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I'm considering whipping up a script to

  1. run once a minute (or every five minutes)
  2. run jstack against a running JVM in production
  3. parse the jstack output and tally up things I'm interested in
  4. export the results for graphing 24/365 by a centralized Cacti installation on another server

But I've no clue as to how expensive or invasive jstack is on a running JVM. How expensive is it to execute jstack on a running JVM? Am I setting myself up for a world of hurt?

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Have you considered measuring? –  Thorbjørn Ravn Andersen Sep 9 '10 at 15:19
    
Instead of running jstack as a separate process, what about running a simple profiler within the application? It would be more efficient, because no network overhead is needed. I wrote such a tool: code.google.com/p/h2database/source/browse/trunk/h2/src/main/… - you can also convert it to a .jsp if needed. –  Thomas Mueller Sep 9 '10 at 19:27
    
@Thorbjørn Ravn Andersen : Pardon? –  Stu Thompson Sep 10 '10 at 5:12
    
@Thomas Mueller: Thanks, I'll have a look at your tool. But "no network overhead"? I don't think that is really a concern--I've got a fat network, and the output of any of these monitoring approaches won't add up to many bytes on the wire. –  Stu Thompson Sep 10 '10 at 5:14
    
This version is APL and doesn't have dependencies: svn.apache.org/repos/asf/jackrabbit/sandbox/jackrabbit-j3/src/… –  Thomas Mueller Sep 10 '10 at 5:44

3 Answers 3

Measure. One of the time variants (/usr/bin/time I believe) has a -p option which allows you to see the cpu resources used:

ravn:~ ravn$ /usr/bin/time -p echo Hello World
Hello World
real         0.32
user         0.00
sys          0.00
ravn:~ ravn$ 

This means that it took 0.32 seconds wall time, using 0.00 seconds of cpu time in user space and 0.00 seconds in kernel space.

Create a test scenario where you have a program running but not doing anything, and try comparing with the usage WITH and WITHOUT a jstack attaching e.g. every second. Then you have hard numbers and can experiment to see what would give a reasonable overhead.

My hunch would be that once every five minutes is neglectible.

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OK: real 0.54, user 0.51, sys 0.07 on an mildly loaded system. Will try later today. Besides how long it takes, what impact does jstack have on the JVM? An all stop? –  Stu Thompson Sep 10 '10 at 7:42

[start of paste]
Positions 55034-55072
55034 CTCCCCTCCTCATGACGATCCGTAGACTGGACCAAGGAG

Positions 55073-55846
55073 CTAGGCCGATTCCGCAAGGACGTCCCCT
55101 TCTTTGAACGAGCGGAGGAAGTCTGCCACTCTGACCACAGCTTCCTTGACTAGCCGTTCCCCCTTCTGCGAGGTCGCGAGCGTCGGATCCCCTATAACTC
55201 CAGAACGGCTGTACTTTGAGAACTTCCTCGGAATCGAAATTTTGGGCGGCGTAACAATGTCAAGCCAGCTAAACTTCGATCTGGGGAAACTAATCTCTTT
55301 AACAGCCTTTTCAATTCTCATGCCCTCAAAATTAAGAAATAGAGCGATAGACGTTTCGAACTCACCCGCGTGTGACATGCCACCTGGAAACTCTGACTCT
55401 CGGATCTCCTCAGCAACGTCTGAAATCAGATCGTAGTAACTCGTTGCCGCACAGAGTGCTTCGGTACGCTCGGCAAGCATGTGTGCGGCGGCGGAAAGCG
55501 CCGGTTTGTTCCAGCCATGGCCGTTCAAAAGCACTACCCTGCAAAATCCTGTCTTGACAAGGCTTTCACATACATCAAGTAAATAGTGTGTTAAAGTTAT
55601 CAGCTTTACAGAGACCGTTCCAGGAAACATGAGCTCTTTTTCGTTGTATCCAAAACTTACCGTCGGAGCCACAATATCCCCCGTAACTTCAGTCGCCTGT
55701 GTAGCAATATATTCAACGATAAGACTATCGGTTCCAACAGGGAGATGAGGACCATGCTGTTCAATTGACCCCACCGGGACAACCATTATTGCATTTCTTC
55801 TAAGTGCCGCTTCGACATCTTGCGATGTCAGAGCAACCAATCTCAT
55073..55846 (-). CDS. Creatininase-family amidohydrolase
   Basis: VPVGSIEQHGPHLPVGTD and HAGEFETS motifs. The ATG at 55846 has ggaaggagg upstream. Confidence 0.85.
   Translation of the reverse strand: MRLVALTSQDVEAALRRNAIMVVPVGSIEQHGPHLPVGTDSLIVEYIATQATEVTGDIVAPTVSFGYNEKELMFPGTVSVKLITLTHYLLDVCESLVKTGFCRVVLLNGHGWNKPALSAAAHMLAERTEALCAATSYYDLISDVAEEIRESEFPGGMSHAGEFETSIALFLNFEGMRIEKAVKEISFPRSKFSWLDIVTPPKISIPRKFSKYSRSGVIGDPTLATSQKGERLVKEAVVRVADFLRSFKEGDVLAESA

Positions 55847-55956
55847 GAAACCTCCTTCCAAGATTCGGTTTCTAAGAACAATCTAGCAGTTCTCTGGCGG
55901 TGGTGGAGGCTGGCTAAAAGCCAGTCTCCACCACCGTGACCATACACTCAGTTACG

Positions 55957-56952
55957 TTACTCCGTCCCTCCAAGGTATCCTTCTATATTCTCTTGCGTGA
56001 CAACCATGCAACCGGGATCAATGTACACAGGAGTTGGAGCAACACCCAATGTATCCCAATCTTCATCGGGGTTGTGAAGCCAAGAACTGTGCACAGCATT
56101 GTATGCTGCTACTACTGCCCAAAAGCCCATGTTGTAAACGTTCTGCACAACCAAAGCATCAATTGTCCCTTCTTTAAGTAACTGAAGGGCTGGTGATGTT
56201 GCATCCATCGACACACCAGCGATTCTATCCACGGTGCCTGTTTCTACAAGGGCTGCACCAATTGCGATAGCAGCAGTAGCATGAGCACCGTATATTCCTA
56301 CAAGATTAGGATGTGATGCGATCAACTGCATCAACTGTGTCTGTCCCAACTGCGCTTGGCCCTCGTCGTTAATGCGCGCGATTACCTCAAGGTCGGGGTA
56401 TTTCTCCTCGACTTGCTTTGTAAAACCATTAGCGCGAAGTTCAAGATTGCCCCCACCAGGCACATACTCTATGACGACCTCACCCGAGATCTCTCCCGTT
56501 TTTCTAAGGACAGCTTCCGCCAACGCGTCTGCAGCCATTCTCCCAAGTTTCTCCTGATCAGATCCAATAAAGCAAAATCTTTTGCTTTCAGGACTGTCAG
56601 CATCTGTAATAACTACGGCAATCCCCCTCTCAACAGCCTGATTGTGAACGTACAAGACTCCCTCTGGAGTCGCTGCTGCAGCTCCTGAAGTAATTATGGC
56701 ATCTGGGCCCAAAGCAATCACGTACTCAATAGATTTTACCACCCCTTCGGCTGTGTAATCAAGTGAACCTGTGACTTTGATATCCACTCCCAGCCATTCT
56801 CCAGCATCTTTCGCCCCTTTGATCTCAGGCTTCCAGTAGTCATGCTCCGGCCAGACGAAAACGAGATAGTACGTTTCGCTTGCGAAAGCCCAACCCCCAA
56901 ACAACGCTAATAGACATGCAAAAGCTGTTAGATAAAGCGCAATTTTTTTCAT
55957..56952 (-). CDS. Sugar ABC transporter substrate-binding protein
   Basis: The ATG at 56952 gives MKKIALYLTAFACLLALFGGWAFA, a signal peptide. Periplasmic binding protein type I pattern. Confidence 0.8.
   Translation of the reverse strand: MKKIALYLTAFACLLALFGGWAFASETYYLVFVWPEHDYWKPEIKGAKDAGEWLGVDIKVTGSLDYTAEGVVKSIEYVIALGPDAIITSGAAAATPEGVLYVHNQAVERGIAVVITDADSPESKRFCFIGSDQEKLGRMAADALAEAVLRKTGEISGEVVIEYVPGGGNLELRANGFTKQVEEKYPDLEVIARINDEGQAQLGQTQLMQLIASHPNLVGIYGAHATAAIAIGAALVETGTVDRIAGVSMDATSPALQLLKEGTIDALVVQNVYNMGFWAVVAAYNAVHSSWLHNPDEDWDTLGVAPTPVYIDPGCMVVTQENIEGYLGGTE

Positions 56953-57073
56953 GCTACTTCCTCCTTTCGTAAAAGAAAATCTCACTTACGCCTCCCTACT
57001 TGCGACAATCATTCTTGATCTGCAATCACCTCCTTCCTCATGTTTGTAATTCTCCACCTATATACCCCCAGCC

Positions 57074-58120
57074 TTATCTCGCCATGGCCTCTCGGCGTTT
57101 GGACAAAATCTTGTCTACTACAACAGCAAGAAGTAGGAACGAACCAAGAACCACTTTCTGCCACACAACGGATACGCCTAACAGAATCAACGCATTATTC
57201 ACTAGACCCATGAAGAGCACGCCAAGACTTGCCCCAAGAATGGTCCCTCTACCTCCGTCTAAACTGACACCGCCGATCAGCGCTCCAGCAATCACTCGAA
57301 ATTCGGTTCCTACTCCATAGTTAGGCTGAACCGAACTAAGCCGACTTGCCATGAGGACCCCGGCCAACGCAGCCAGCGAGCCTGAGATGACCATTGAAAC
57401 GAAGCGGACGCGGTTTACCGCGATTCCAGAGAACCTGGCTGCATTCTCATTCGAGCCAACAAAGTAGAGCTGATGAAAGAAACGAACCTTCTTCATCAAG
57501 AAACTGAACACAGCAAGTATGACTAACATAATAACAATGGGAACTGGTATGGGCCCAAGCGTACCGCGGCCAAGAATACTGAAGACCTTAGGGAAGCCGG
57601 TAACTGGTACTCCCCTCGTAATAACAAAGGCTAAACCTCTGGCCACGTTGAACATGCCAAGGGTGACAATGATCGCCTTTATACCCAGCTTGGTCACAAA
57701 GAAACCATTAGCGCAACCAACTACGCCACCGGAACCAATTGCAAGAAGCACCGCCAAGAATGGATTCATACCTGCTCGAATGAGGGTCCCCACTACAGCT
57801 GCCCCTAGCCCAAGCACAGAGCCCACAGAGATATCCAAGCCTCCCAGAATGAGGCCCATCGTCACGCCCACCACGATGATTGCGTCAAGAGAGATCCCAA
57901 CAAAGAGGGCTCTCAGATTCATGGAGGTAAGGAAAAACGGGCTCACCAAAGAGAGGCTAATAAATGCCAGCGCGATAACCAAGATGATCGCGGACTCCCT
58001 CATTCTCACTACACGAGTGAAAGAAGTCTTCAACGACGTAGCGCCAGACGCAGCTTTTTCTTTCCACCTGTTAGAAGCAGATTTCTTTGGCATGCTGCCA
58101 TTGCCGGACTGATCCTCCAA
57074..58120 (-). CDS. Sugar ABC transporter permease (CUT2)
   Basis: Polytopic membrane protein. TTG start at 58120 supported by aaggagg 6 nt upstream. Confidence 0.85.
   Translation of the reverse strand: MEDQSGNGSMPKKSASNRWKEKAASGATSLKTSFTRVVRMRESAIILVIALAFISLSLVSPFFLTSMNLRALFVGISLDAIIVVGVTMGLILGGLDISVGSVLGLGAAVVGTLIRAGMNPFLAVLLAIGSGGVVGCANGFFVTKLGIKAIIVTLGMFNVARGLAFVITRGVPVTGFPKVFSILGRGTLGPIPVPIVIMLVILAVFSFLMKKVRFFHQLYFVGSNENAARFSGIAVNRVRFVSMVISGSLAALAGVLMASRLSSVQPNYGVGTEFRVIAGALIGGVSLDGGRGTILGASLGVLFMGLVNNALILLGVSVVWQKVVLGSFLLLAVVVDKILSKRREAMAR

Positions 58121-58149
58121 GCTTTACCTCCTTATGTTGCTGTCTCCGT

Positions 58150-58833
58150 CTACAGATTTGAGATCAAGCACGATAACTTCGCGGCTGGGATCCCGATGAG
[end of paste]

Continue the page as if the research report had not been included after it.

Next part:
Remember to measure your application, not the jstack invocation. –  Thorbjørn Ravn Andersen Sep 10 '10 at 11:08
    
It's a web app running in Tomcat. Hmmm...maybe I should run jstack in a loop, and compare the number of invocations per minute with the CPU usage of the Java Tomcat process. Thanks suggesting this and helping think it through. –  Stu Thompson Sep 13 '10 at 5:38
    
Then benchmark the Tomcat process... –  Thorbjørn Ravn Andersen Sep 13 '10 at 6:58

I know this answer is late to the party but the expensive part of jstack comes from attaching to the debugger interface not generally generating the stack traces with an important exception (and the heap size does not matter at all):

Arbitrary stack traces can be generated on a safe point only or while the thread is waiting (i.e. outside java scope). If the thread is waiting/outside java scope the stack requesting thread will carry the task by doing the stack walk on its own. However, you might not wish to "interrupt" a thread to walk its own stack, esp while it is holding a lock (or doing some busy wait). Since there is no way to control the safe points - that's a risk need to be considered.

Another option compared to jstack avoiding attaching to the debugging interface: Thread.getAllStackTraces() or using the ThreadMXBean, run it in the process, save to a file and use an external tool to poll that file.

Last note: I love jstack, it's immense on production system.

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+1 for stalking me ;) but seriously, thanks for the answer. –  Stu Thompson Jun 12 '12 at 10:46
    
@StuThompson, I am inclined to answer that as well: stackoverflow.com/questions/3651737/… the short answer is that non-direct buffers suck for real io, if you need more elaborated info, i can try... I dont post much and I tend to check profiles of people whose posts have interested me. This very question had no selected answer so I hoped I could enlighten it. –  bestsss Jun 12 '12 at 17:30
    
um, i was looking for something more than "non-direct bufferes suck"...that's something I've documented very well myself with benchmarks ;) I'm really curious about the discrepancies in the cliff there. –  Stu Thompson Jun 12 '12 at 19:16
1  
@StuThompson, right, i will answer that –  bestsss Jun 12 '12 at 19:49

Depending on the number of threads and the size of your heap, jstack could possibly be quite expensive. JStack is meant for troubleshooting and wasn't designed for stats gathering. It might be better to use some form on instrumentation or expose a JMX interface to get the information you want directly, rather than have to parse stack traces.

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1000 threads, <1GB heap. I'm considered jstack because I know it and can implement quickly. JMX, while a viable option, is going to take some edumacation. –  Stu Thompson Sep 10 '10 at 5:16

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